Unlike daytime photography, a few seconds of exposure either way isnegligible. If you missthe time you specified to stop your exposure, it is not a catastrophe.When dealing with 10-20minute exposures, it takes entire minutes to alter the exposure noticeably.Experiment with thelength of exposure your first few times out. Write down the length of eachexposure consistently; this will help you identify "typical" exposure timesfor various light and scenery qualities.

During the day, your eyes rely primarily upon the cones in the retina,seeing the world incolor. As the sky darkens at night, the rods in your retina take over mostof the work of vision,and you begin to see the world in white, gray, and black. What you see inthe landscape is notwhat your camera and film will capture.
Color slide film always sees in color, regardless of whatthe photographer perceives with her brain.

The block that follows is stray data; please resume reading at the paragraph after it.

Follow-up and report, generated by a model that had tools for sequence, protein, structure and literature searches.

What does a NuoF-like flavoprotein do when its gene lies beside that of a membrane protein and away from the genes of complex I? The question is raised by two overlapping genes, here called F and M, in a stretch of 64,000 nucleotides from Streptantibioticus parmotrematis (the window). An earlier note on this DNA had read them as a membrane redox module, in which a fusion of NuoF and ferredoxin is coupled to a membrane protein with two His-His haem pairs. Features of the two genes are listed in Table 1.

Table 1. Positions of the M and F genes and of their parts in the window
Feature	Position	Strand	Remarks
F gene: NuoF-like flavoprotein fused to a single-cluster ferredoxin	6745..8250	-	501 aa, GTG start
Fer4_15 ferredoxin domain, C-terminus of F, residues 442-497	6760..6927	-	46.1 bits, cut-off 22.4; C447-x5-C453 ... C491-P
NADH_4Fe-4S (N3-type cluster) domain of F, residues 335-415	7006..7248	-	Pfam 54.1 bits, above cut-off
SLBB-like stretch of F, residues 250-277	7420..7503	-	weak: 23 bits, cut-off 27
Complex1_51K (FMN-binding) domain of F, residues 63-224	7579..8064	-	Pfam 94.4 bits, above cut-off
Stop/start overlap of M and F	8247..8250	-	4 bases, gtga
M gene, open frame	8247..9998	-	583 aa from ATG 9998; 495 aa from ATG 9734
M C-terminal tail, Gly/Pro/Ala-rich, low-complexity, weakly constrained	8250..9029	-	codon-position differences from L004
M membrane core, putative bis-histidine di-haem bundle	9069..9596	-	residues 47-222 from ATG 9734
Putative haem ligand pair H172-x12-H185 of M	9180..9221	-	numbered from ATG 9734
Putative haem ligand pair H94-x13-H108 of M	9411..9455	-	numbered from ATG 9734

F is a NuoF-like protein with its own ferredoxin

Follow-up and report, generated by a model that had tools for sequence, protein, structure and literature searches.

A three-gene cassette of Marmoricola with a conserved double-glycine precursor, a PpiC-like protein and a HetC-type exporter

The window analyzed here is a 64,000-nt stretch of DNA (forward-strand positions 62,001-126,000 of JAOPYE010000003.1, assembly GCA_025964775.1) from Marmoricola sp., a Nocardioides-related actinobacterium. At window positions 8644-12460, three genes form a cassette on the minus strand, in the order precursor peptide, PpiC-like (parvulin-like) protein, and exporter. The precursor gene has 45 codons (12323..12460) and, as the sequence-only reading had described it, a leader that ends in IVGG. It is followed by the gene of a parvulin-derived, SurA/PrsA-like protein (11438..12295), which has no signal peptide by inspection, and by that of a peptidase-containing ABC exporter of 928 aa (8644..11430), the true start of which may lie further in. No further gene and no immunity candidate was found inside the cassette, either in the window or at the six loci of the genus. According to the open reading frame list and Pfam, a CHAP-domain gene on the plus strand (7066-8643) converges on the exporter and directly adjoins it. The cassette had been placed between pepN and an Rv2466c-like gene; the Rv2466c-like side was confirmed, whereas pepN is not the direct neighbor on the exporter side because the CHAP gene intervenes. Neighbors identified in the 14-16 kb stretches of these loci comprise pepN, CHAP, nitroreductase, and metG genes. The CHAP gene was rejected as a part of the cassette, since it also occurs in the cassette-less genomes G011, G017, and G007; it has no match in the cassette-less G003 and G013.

The leaves of trees that you perceive as gray will be green to yourcamera, if exposed longenough. As in the daytime, still water reflects the color of the sky overit. Moving or falling waterbecomes a bright white reflection of the moon's light. Rocks are stillgray, while wood is brown.Flowers, if their blossoms are open, are the same color they would be indaylight, even thoughyou perceive them to be gray. Shadows of moonlight are often moreblue-tinted than those ofdaylight. The light falling upon everything is much whiter, less yellow,than the light of the sun.All of these hues are invisible to you as you look at the scene throughyour viewfinder. Your brainsees shades of gray where there is in fact a myriad of colors waiting to bereleased onto your filmwith extremely long exposures. None of the colors can be perceived by yourbrain at night, butyour camera will capture them for you if you let it.